Thermoplastics are common products found all around us this day and age. Thermoplastics have to be heat sealed and one method to do so is with an impulse sealer. Naturally, there are many other methods that are used to seal plastic. An impulse sealer has derived its name from the way in which heat is created. First, a plastic layer is placed on a large fixed coil. This is to generate a huge burst of heat, which is then followed by a huge burst of cool. Through this process, the thermoplastic is immediately sealed and then cooled again, which leads to a bond that will last for ages. In general, it is far easier to bond plastic rather than to bond any other type of substance. This is mainly because plastic has very high levels of uniformity. Because of this, one part of plastic can almost not be told apart from another part in the same plastic. In other words, when a plastic goes through a bonding process, it in essence melts into itself. Because the part that is melted basically bonds with itself, it looks and acts as if it was a single piece to begin with. There is almost no joint, and the joint that is there is far stronger than any other type of bond.
The Bonding Process
Bonding through heat is the preferred process that is used on plastic. An impulse sealer is used for this and it has been proven time and again that this offers the best results. Some manufacturers use a chemical bonding agent instead. However, these release highly toxic fumes and the end result is a lot less strong than those that have gone through an impulse sealer. Heat is the most common agent available and it is being used in a variety of ways to bond a plastic. If it is used within a process of assembly, there are three main types of sealers that can be used. These are continuous heat sealers, spot sealers and impulse sealers.
Continuous Heat Sealers
Continuous heat sealers form a part of the whole assembly process. This part is always heated to very high temperatures. Whether you use a continuous heat sealer, an impulse sealer or a spot sealer, the temperatures are always very high. Hands off, in other words, unless you want to burn your fingers. With a continuous heat sealer, the plastic moves through the hot area and bonds while they are on the move. This is a very easy way of sealing, often described as “no frill”. It is a reasonably reliable manner of sealing as it is rare that something goes wrong. However, if something does go wrong, this is often not picked up on because there is no room for quality control by using this method. It is a very cost effective method and therefore often chosen by manufacturing processes.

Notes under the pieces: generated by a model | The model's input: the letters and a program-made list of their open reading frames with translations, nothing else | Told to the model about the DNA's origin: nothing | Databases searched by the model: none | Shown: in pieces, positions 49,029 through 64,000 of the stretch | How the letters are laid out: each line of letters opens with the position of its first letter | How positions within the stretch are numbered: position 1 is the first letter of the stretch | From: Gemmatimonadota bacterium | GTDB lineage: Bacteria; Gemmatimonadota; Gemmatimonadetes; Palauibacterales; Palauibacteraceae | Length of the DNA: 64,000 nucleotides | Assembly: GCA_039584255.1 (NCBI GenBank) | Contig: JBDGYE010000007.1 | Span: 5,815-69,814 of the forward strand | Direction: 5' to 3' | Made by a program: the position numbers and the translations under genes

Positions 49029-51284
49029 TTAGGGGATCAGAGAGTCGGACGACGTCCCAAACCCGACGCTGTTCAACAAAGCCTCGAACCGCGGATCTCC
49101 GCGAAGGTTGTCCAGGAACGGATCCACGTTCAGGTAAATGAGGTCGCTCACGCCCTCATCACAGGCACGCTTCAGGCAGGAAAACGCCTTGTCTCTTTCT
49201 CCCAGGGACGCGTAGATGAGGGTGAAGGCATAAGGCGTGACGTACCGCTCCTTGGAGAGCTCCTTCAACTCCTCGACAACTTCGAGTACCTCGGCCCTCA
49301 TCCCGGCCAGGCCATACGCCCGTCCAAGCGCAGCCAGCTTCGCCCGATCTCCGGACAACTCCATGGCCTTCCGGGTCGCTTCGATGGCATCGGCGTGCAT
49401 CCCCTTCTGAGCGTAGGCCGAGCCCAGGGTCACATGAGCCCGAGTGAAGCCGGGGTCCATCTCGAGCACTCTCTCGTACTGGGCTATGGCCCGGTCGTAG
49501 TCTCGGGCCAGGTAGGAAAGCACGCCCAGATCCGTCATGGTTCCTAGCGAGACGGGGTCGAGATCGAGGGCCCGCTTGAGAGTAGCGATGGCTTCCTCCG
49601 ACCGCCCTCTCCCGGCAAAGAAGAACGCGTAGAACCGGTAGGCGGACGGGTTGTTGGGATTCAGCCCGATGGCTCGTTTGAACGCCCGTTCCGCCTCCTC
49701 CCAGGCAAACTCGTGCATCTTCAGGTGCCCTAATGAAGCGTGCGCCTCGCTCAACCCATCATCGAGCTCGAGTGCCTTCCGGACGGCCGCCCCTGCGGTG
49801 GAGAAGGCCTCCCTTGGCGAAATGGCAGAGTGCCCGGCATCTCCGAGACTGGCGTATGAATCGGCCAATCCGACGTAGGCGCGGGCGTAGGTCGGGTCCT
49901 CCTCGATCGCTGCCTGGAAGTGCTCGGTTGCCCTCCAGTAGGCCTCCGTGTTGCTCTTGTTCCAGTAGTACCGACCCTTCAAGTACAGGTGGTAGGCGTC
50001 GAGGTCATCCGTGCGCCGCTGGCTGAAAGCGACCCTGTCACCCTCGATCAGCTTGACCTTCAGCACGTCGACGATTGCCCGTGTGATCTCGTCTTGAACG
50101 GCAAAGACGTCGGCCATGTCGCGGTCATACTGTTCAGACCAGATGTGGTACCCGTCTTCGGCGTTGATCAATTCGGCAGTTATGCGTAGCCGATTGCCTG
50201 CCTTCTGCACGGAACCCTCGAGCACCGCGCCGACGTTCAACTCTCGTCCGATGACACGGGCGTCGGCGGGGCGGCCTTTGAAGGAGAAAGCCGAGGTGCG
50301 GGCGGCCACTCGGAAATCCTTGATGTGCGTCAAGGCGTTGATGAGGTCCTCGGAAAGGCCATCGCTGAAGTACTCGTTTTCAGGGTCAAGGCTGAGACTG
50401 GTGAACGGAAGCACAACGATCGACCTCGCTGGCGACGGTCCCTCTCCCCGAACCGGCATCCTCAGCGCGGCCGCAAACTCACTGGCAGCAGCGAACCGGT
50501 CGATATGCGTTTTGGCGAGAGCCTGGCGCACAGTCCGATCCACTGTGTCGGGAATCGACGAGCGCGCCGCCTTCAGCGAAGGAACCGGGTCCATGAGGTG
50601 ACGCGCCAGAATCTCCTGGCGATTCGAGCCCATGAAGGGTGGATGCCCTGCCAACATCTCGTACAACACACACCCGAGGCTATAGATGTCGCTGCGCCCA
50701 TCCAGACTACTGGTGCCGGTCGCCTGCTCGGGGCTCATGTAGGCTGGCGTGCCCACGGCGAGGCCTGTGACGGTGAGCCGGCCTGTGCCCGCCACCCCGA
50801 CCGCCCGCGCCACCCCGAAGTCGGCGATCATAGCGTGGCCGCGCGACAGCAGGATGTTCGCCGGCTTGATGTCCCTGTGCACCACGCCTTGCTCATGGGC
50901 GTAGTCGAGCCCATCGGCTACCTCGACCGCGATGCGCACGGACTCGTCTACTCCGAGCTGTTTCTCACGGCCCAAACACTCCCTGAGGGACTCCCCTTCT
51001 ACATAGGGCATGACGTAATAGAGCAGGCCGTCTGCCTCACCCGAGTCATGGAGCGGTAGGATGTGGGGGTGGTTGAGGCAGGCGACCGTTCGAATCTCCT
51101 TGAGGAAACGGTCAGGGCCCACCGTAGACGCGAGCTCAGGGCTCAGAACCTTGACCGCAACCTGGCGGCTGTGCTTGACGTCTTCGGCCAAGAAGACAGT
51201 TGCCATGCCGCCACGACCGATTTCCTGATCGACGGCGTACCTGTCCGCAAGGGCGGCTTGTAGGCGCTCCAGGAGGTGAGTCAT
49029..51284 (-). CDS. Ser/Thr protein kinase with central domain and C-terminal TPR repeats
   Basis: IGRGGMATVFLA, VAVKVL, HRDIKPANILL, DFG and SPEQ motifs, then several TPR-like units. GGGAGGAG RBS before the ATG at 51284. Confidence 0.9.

The next way of heat sealing on a manufacturing level is known as spot sealing. Just like continuous heat sealing, it uses a constant heat. However, unlike an impulse sealer, it only bonds one part at a time. Rather than having an entire heated area, like with the continuous heat sealer, it uses a hot metal rod that is at a constant temperature. Once a part moves past the rod, it is touched in a specifically designated spot. This method is far more accurate than continuous heat sealing. On the downside, however, a rod can only touch a relatively small area, whereas a continuous heat sealer can heat up a huge area. This process does require some quality control, because the slightest miscalculation in the heat settings can lead to the plastic burning through or not melting sufficiently.
The last method that is commonly used is impulse sealing. An impulse sealer is usually part of the end of the production line. The system is designed to fuse a range of thermoplastic sheets together at one time. Often, the sheets themselves contain a substance that has to be hermetically sealed in between the layers of thermoplastic. Regardless of whether or not something has to be inside, impulse sealers heat and seal a complete area in one go. In look and design, these machines are very similar to a press. The plastic goes inside the machine and sits at the top of a heating coil that is inactive. The top of the machine has a similar coil and is placed on top of the plastic. Both coils then heat up (this only takes a second or two), which then bonds the layers of plastic together. After this, cold water is pumped through to drop the temperature and hence harden the plastic.